From Wikipedia, the free encyclopedia
Jump to navigation Jump to search
Benchmade Knife Company, Inc.
Founded1979; 40 years ago (1979)
HeadquartersOregon City, Oregon
Key people
Les De Asis, Founder & CEO
ProductsKnives, pens, rescue tools
Number of employees

The Benchmade Knife Company is a knife manufacturer run by Roberta and Les de Asis in Oregon City, Oregon, United States. Its products are sold to numerous markets, such as outdoor sporting cutlery, rescue, law-enforcement, martial-arts, and military. The company has collaborated with a number of custom knife makers since its inception.


Benchmade started in California in 1979 as Bali-Song, changing its name in 1988 to the Pacific Cutlery Corporation. In 1990 the company moved to Clackamas, Oregon.[1][2] In 1996, the company moved to a 144,000 square foot facility in Oregon City, Oregon.[3] Benchmade became known primarily as a manufacturer of butterfly, or balisong-style knives, which it continues to manufacture. These knives have been so identified with the company that Benchmade has registered "Bali-Song" as a trademark and logo.[4] Benchmade's original Bali-Song design by Jody Samson was awarded Blade Magazine's Knife of the Year Award in 1979.[5]

As of February 2009, the company was employing approximately 150 people.[6] Benchmade has had several years of growth and has expanded both the variety of knives it produces and the facility itself.

Firearm Destruction Controversy[edit]

On February 20, 2019, Oregon City Police Department posted on their Facebook page a series of images showing the destruction of multiple firearms. In the post OCPD reported, “Thank you Benchmade Knife Company for assisting us today by cutting up guns that are ready to be destroyed.” Benchmade cut up guns in order to assist the Oregon City Police Department in an effort to comply with the department’s policies.[7]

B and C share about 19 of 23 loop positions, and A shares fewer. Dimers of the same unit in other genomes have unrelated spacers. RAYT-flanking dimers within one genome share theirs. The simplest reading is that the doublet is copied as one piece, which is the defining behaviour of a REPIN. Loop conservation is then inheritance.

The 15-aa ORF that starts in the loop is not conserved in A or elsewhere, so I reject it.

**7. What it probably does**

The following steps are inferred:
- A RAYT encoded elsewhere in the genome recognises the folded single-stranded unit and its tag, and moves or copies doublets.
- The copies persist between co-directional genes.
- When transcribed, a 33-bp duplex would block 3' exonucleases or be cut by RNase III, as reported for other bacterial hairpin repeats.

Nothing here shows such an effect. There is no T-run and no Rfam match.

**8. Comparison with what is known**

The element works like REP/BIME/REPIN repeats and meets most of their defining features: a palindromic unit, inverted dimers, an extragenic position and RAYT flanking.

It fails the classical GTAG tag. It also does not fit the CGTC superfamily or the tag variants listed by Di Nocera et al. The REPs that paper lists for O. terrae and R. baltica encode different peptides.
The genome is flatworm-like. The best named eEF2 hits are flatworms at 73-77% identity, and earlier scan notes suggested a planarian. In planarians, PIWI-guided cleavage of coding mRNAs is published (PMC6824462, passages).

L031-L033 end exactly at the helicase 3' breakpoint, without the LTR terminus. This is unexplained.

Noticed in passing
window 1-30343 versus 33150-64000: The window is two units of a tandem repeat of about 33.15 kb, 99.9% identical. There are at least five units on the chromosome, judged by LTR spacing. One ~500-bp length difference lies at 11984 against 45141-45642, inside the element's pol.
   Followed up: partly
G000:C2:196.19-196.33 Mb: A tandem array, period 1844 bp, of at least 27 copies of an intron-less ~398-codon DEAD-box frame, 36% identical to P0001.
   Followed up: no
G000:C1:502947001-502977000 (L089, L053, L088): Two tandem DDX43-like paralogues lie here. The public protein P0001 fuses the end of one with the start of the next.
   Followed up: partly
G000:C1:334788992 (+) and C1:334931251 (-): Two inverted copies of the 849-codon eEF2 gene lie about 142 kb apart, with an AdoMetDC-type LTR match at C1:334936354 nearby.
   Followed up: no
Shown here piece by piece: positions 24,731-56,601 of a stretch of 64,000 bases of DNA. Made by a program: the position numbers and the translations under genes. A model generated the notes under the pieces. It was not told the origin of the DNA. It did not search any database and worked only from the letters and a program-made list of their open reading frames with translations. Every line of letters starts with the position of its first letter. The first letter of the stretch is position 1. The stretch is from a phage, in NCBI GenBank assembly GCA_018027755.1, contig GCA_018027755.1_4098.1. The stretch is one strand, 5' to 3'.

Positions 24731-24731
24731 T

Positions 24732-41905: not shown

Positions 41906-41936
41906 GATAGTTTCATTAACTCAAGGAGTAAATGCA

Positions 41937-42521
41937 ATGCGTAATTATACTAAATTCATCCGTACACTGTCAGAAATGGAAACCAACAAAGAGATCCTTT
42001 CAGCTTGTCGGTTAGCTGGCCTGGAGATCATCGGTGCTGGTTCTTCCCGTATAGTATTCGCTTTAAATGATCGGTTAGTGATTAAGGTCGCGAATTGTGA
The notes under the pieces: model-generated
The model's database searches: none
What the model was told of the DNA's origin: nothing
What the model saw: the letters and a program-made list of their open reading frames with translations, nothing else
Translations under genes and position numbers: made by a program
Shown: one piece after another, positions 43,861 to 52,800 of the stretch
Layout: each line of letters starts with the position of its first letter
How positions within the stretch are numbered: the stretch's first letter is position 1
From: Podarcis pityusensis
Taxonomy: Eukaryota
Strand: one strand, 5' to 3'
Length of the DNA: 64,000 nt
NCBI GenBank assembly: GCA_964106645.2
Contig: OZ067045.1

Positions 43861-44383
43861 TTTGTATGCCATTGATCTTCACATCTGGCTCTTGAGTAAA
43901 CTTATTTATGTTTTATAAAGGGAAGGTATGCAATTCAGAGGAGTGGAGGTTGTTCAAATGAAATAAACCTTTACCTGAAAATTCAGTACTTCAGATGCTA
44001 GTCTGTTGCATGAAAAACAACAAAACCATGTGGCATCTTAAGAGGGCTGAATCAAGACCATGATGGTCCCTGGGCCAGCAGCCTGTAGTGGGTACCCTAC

In 1996, Benchmade moved to Oregon City. Apart from some Red Class products, which were produced in their "off shore facilities",[8] Benchmade has produced more than 90% of its knives in Oregon City, and has succeeded in bringing others back to home production.[9] Since 2010, all Red Class production knives have been discontinued, and as such, every Benchmade labeled knife is made in the United States.

One of the reasons Benchmade is located in Oregon, as are many other knife makers, is because Oregon has very relaxed laws toward knives in general and switchblades or butterfly knives in particular. There are no restrictions against selling a switchblade-style knife to an Oregon resident.[10]


Blade steels such as 154CM, D2, CPM S30V steel, CPMS90V, CPM20CV, N680 and M390 are used on many models. Benchmade is one of the few manufacturers to have offered high speed M2 and CPM M4 tool steels in a production knife.[11]

Benchmade receives a significant amount of revenue from selling restricted-sales knives to the military and law enforcement.[12] Benchmade produces a diverse selection of "auto", or switchblade knives, along with a range of hunting, fishing, utility and miscellaneous knives, though balisongs remain a core product.[13]